• Forgiveness: mostly, of yourself. You know better, you knew better. Whatever. People fuck up. Get over it and get busy unfucking it.
  • Exercise and Books: really, this is just about self-improvement. Shouldn’t require an explanation here. Grow your brain like you grow your bod.

Cold brewed coffee: the recipe

Here’s how it’s done…

Cold Brew Coffee
Recipe type: Drink
Cuisine: Caffiends
Prep time: 
Cook time: 
Total time: 
Serves: depends
Sweet, syrupy coffee concentrate to make you shake and slake your thirsts.
  • 1 part coarse ground coffee
  • 4 parts room temperature water
  1. Combine the coffee and water in a sealable jar.
  2. Close and give a good shake to ensure all of the coffee is incorporated.
  3. Place the jar in a cool, dry place for at least 12 hours (it can be refrigerated; the science behind why or why not to do so is an assignment for the reader).
  4. After 12 hours, pour the contents into a second jar filtered with several layers of cheesecloth or a fine sieve; discard grounds.
  5. Pour the contents back into the original jar, filtering again; discard remaining grounds.
  6. What is left is concentrated evil: combine it with water or milk or whatever your heart desires, at roughly at 1 part coffee concentrate to 2 parts whatever else. Add ice and sugar to your taste (but taste it first, you will be surprised how sweet it already is!)...


The cold-brew coffee fascination…

…started here:

“Going home tomorrow,” I said.

“Exodus,” Ange said. That’s what it was called at Burning Man, and it was supposed to be epic — thousands of cars and RVs stretching for miles, being released in “pulses” every hour so that the traffic didn’t bunch up. We’d scored a ride back with a Lemmy from Noisebridge, the hackerspace I hung around at in San Francisco. I didn’t know him well, but we knew where he was camped and had arranged to meet him with our stuff at 7 am to help him pack his car. Getting up that early would be tricky, but I had a secret weapon: my contribution to the Burning Man gift economy, AKA cold-brew coffee.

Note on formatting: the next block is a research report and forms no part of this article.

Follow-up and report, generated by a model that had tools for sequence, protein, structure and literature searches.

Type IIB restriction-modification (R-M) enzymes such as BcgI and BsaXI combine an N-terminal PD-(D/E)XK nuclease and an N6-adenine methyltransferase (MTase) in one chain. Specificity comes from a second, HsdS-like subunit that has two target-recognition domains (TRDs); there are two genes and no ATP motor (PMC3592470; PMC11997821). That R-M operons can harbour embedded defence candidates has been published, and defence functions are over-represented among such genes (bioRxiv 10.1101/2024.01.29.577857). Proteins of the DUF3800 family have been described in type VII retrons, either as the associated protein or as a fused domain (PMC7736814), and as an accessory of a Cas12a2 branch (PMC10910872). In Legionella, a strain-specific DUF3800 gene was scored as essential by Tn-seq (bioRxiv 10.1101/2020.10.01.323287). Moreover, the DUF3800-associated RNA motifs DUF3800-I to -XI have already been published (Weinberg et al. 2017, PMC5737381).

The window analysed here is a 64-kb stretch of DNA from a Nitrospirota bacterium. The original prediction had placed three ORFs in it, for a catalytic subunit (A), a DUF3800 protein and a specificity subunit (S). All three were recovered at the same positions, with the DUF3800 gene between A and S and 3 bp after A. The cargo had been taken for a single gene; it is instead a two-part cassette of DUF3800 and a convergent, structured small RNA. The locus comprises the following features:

You’ve had hot coffee before, and in the hands of a skilled maker, coffee can be amazing. But the fact is that coffee is one of the hardest things to get right in the world. Even with great beans and a great roast and great equipment, a little too much heat, the wrong grind, or letting things go on too long will produce a cup of bitterness. Coffee’s full of different acids, and depending on the grind, temperature, roast, and method, you can “overextract” the acids from the beans, or overheat them and oxidize them, producing that awful taste you get at donut shops and Starbucks.

But there is Another Way. If you make coffee in cold water, you only extract the sweetest acids, the highly volatile flavors that hint at chocolate and caramel, the ones that boil away or turn to sourness under imperfect circumstances. Brewing coffee in cold water sounds weird, but in fact, it’s just about the easiest way to make a cup (or a jar) of coffee.

Just grind coffee — keep it coarse, with grains about the size of sea salt — and combine it with twice as much water in an airtight jar. Give it a hard shake and stick it somewhere cool overnight (I used a cooler bag loaded with ice from ice camp and wrapped the whole thing in bubble wrap for insulation). In the morning, strain it through a colander and a paper coffee filter. What you’ve got now is coffee concentrate, which you can dilute with cold water to taste — I go about half and half. If you’re feeling fancy, serve it over ice.